By Nigel Boys
According to the education advocacy group, Students Matter, many poorly equipped teachers are being kept on in public schools, in California, because of the state rules regarding dismissal of inadequate teachers.
The group has taken the matter to court on behalf of nine California students who believe they are not getting a fair chance at a good education because of the poor methods of their teachers.
Attorney Theodore Boutrous, representing the advocacy group, said that California public school students are having their equal rights to a decent education violated every day by the statutes in California law regarding the dismissal of teachers.
Boutrous went on to say that teachers who are not up to the standard, if not actually grossly inadequate, are being placed in charge of students in low-income, underprivileged or rural areas, and the good teachers are being placed in more affluent areas.
One of the state’s laws, which the plaintiff’s argue against, is the rule which allows teachers, even if they are incompetent, to be permanently hired by administrators after serving with the school for 18 months, because after this time they must either be retained or replaced.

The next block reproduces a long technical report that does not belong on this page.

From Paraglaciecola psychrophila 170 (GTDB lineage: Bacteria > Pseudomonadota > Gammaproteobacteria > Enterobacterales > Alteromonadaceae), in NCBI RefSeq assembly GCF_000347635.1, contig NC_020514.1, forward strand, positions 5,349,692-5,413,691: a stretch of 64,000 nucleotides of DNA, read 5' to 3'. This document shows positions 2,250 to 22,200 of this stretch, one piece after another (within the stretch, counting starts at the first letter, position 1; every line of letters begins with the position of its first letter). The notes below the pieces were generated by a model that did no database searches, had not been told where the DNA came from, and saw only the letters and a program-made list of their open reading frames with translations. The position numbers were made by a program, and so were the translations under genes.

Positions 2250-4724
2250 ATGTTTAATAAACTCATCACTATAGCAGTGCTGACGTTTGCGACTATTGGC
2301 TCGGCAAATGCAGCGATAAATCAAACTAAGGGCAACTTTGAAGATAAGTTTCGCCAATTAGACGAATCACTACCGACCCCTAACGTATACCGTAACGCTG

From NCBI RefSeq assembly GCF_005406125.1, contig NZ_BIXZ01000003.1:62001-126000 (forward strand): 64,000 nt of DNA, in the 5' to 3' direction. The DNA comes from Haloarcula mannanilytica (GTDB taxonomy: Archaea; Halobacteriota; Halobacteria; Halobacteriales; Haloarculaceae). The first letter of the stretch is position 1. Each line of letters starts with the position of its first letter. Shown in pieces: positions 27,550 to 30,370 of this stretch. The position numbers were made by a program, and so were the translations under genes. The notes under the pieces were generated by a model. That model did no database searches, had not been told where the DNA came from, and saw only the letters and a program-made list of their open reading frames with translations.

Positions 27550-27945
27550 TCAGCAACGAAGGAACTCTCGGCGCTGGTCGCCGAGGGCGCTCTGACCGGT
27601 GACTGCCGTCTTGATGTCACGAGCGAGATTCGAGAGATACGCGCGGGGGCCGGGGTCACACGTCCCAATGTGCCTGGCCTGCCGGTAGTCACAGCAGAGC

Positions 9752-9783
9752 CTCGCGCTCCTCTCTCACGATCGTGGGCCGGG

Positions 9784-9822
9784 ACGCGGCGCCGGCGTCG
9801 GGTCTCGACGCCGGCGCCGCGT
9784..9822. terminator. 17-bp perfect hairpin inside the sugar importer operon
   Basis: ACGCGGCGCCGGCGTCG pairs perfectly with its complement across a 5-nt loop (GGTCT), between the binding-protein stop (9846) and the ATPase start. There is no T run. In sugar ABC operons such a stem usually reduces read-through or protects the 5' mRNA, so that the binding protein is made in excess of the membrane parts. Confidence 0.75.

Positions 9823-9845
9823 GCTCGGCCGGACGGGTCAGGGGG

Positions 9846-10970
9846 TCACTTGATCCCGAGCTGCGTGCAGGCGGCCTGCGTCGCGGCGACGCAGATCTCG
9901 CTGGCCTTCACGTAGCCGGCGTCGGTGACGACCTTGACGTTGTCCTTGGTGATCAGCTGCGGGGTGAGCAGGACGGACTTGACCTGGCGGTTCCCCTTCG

Another problem with California’s statutes requires that in order for a teacher to be dismissed from service, strict protocol has to be followed, including the documentation for several years of their incompetency. This requires a large amount of public funds for the gathering of this information, state the plaintiffs.
Lastly, the plaintiffs object to the rule of “last-in, first out” statue, which prohibits administrators from laying-off lousy teachers if they have served longer in their schools than another teacher, who might possibly be a much better educator.
In defense of the teachers and the state and asking that the case be dismissed, James Finberg, representative for the California Teachers Association and California Federation of Teachers, said that the plaintiffs had failed to provide evidence that students were being harmed by the statutes.
Finberg continued “The statutes don’t assign teachers. Districts and principals assign teachers. The reality of students being in inner-city schools is not caused by these statutes.”
However, Los Angeles Superior Court, Judge Rolf Treu, sided with the plaintiffs and allowed the trial to continue. The hearing began in January this year.